Formula String A ``` >(0_2)_(0_4_9)_(0_2)_(0_4_9) | | | | | | 4 5_7 2_5 9_4 5 5_2 | | | | 9 7 7 7 ``` 0 2 4 5 9 2 0 7 4 2 9 5 0 2 4 7 9 2 0 5 4 2 9 7 0 4 9 2 4 9 0 4 9 5 4 9 0 4 9 2 4 9 0 4 9 7 4 9 0 2 4 5 0 7 9 2 0 5 4 7 0 2 9 5 0 7 4 2 0 5 9 7 0 4 9 0 4 2 0 4 9 0 4 5 0 4 9 0 4 2 0 4 9 0 4 7 B ``` >(0_-4_+9)__(0__+2)_(0_-4_+9)_(0__+2) | | | | | | +5_+2 -9_-4 +5 -2_-5 -4 +5_+7 | | | | +7 +7 -7 -9 ``` 0 -4 5 0 -4 -2 0 -4 5 0 -4 1 0 -4 5 0 -4 -2 0 -4 5 0 -4 3 0 2 -2 3 0 7 -2 0 0 5 1 8 0 2 -7 -2 0 7 3 5 0 5 -4 3 0 -4 5 3 -1 8 0 -4 5 0 -4 5 0 -4 5 3 -1 8 0 -4 5 -2 -6 3 0 2 -2 3 -6 -4 0 7 3 5 -4 1 0 2 -2 5 -4 -2 0 5 1 3 -6 1 C ``` >(9_7)_(9_5_0)_(9_7)_(9_5_0) | | | | | | 5 4_2 7_4 0_5 4 4_7 | | | | 0 2 2 2 ``` 9 7 5 4 0 7 9 2 5 7 0 4 9 7 5 2 0 7 9 4 5 7 0 2 9 5 0 7 5 0 9 5 0 4 5 0 9 5 0 7 5 0 9 5 0 2 5 0 9 7 5 4 9 2 0 7 9 4 5 2 9 7 0 4 9 2 5 7 9 4 0 2 9 5 0 9 5 7 9 5 0 9 5 4 9 5 0 9 5 7 9 5 0 9 5 2 D ``` >(9_-5_-0)__(9__-7)_(9_-5_-0)_(9__-7) | | | | | | -4_-7 -0_-5 -4 -7_-4 -5 -4_-2 | | | | -2 -2 -2 -0 ``` 9 4 4 9 4 -3 9 4 4 9 4 0 9 4 4 9 4 -3 9 4 4 9 4 2 9 2 -3 -7 9 7 7 0 9 5 0 -2 9 2 2 -2 9 7 2 -5 9 5 5 3 9 4 4 -3 -8 -8 9 4 4 0 -5 -5 9 4 4 -3 -8 -8 9 4 4 2 -3 -3 9 2 -3 -7 -7 -14 9 7 2 -5 -5 -9 9 2 -3 -5 -5 -12 9 5 0 -7 -7 -9 E ``` >(0__-2)__(0_-4_-9)_(0__-2)_(0_-4_-9) | | | | | | -4 -5_-7 -2_-5 -9_-4 -5 -5_-2 | | | | -9 -7 -7 -7 ``` 0 -2 -6 -11 -20 -22 0 -7 -11 -13 -22 -27 0 -2 -6 -13 -22 -24 0 -5 -9 -11 -20 -27 0 -4 -13 -15 -19 -28 0 -4 -13 -18 -22 -31 0 -4 -13 -15 -19 -28 0 -4 -13 -20 -24 -33 0 -2 -6 -11 0 -7 -16 -18 0 -5 -9 -16 0 -2 -11 -16 0 -7 -11 -13 0 -5 -14 -21 0 -4 -13 0 -4 -6 0 -4 -13 0 -4 -9 0 -4 -13 0 -4 -6 0 -4 -13 0 -4 -11 F ``` >(0_+4_-9)__(0__-2)_(0_+4_-9)_(0__-2) | | | | | | -5_-2 +9_+4 -5 +2_+5 +4 -5_-7 | | | | -7 -7 +7 +9 ``` 0 4 -5 0 4 2 0 4 -5 0 4 -1 0 4 -5 0 4 2 0 4 -5 0 4 -3 0 -2 2 -3 0 -7 2 0 0 -5 -1 -8 0 -2 7 2 0 -7 -3 -5 0 -5 4 -3 0 4 -5 -3 1 -8 0 4 -5 0 4 -5 0 4 -5 -3 1 -8 0 4 -5 2 6 -3 0 -2 2 -3 6 4 0 -7 -3 -5 4 -1 0 -2 2 -5 4 2 0 -5 -1 -3 6 -1 G ``` >(9__-7)__(9_-5_-0)_(9__-7)_(9_-5_-0) | | | | | | -5 -4_-2 -7_-4 -0_-5 -4 -4_-7 | | | | -0 -2 -2 -2 ``` 9 2 -3 -7 -7 -14 9 7 2 -5 -5 -9 9 2 -3 -5 -5 -12 9 5 0 -7 -7 -9 9 4 4 -3 -8 -8 9 4 4 0 -5 -5 9 4 4 -3 -8 -8 9 4 4 2 -3 -3 9 2 -3 -7 9 7 7 0 9 5 0 -2 9 2 2 -2 9 7 2 -5 9 5 5 3 9 4 4 9 4 -3 9 4 4 9 4 0 9 4 4 9 4 -3 9 4 4 9 4 2 H ``` >(9_+5_+0)__(9__+7)_(9_+5_+0)_(9__+7) | | | | | | +4_+7 +0_+5 +4 +7_+4 +5 +4_+2 | | | | +2 +2 +2 +0 ``` 9 14 14 9 14 21 9 14 14 9 14 18 9 14 14 9 14 21 9 14 14 9 14 16 9 16 21 25 9 11 11 18 9 13 18 20 9 16 16 20 9 11 16 23 9 13 13 15 9 14 14 21 26 26 9 14 14 18 23 23 9 14 14 21 26 26 9 14 14 16 21 21 9 16 21 25 25 32 9 11 16 23 23 27 9 16 21 23 23 30 9 13 18 25 25 27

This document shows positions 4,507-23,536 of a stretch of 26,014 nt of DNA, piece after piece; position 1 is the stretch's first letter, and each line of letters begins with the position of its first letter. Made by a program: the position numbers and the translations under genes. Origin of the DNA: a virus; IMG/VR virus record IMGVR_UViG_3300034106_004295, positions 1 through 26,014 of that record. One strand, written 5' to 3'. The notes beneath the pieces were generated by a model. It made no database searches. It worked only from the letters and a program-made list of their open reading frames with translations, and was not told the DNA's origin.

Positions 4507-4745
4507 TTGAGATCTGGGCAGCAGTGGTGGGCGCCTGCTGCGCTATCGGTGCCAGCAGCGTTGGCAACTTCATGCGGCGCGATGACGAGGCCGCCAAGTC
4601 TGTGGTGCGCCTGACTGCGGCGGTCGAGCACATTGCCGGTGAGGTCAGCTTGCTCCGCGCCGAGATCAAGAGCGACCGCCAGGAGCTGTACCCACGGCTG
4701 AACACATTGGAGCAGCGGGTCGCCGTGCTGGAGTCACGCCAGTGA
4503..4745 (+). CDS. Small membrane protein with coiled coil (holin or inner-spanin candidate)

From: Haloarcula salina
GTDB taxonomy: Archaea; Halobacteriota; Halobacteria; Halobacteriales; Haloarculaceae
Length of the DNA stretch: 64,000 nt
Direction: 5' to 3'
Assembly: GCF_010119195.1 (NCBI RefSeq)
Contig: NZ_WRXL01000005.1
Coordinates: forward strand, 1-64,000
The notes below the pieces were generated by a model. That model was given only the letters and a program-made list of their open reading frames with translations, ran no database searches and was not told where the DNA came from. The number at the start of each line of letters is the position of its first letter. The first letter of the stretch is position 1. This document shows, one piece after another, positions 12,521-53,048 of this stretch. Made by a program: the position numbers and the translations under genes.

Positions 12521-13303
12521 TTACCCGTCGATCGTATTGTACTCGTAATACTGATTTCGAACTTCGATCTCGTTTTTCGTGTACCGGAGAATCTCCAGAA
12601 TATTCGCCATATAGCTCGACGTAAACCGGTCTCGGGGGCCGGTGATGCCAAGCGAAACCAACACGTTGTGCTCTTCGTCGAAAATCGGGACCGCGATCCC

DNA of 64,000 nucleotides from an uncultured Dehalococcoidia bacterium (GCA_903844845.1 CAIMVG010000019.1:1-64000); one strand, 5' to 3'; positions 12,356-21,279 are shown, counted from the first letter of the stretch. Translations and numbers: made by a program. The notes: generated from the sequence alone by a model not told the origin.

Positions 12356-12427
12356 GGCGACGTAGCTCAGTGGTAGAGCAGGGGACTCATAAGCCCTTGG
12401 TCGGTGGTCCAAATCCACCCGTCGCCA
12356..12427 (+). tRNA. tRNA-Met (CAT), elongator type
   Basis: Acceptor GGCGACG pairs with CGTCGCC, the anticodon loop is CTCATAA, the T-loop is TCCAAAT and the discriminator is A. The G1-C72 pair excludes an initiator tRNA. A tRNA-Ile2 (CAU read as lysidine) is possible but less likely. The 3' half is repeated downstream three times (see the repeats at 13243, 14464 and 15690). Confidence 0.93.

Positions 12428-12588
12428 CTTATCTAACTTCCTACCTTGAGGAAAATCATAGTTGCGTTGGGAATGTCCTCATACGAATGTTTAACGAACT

Structure and Form

A layer, in this piece, consists in two superposed sequences of 6144 notes with all pitches, dynamics and spatial locations defined by the values of the 8 strings. Those long resulting sequences can be considered themselves as huge strings.
Both sequences use 8 times each of the 8 strings arranged as follows:

1: AAAAAAAABBBBBBBBCCCCCCCCDDDDDDDDEEEEEEEEFFFFFFFFGGGGGGGGHHHHHHHH
2: ABCDEFGHABCDEFGHABCDEFGHABCDEFGHABCDEFGHABCDEFGHABCDEFGHABCDEFGH

Each letter represents one of the 8 previously described strings containing each of them 96 elements or notes. The concatenation of each individual string constitutes a large string.

Rhythmic values have been arranged in a way so that each repetition of a string in a sequence is altered in its rhythmic values in an exponential proportion.
In the following graph, each segment represents a string. The duration of the strings is represented by the length of the segments. Each colour represents one of the strings defined in the previous table.

As each segment has the same amount of notes, the difference of rhythmic values among different segments can be considered also as a difference in the density of notes over time. Shorter segments in the above graph have a greater density of notes than longer ones.

As densities of notes across the piece change in an exponential proportion between segments, this graph shows the notes density over time for the two layers’ sequences using exponential envelopes.

Graph of densities over time for sequence 1

Graph of densities over time for sequence 2

Graph of densities for one layer (sequence 1 and 2 combined)

Click here to listen to an audio sample of a single layer.

The layer described above constitutes the main or central layer of the piece.
The piece contains a total of 15 layers that sound simultaneously.
Each layer has the same structure and they are differentiated only by their overall pitch, intensity and velocity.

The central layer is in the middle of the fifteen layers, so we will call it layer 8. This layer is the only one that is played once.
Layers above layer 8 are repeated in an exponential proportion. Layer 9 two times, layer 10 4 times, and so on.
Layers below layer 8 are played partially also in an exponential ratio. Layer 7 0.5 times, layer 6 0.25, and so on.

Here is a table that describes how layers are arranged around the central layer.

 Layer Times Pitch Volume Notes 15 128 128 0.0078125 1572864 14 64 64 0.015625 786432 13 32 32 0.03125 393216 12 16 16 0.0625 196608 11 8 8 0.125 98304 10 4 4 0.25 49152 9 2 2 0.5 24576 8 1 1 1 12288 7 0.5 0.5 0.5 6144 6 0.25 0.25 0.25 3072 5 0.125 0.125 0.125 1536 4 0.0625 0.0625 0.0625 768 3 0.03125 0.03125 0.03125 384 2 0.015625 0.015625 0.015625 192 1 0.0078125 0.0078125 0.0078125 96

The following graph intends to give a picture of the densities of the 15 layers sounding simultaneously.
This picture represents the formal structure of the piece.

Click here to listen to the first movement of the entire piece.

As can be seen on the previous graph, the formal structure of the piece can be understood as different layers of compressions and rarefactions which produce a kaleidoscopic effect of separated elements which sometimes reveal their individuality and sometimes join with other layers producing “explosion” effects.
Those moments, where different layers reach their maximum compression state at the same moment, can be thought as nodes. Layers can also be thought as different strings of a musical instrument which vibrate at different frequencies and the piece itself can be considered as the instrument where those strings vibrate.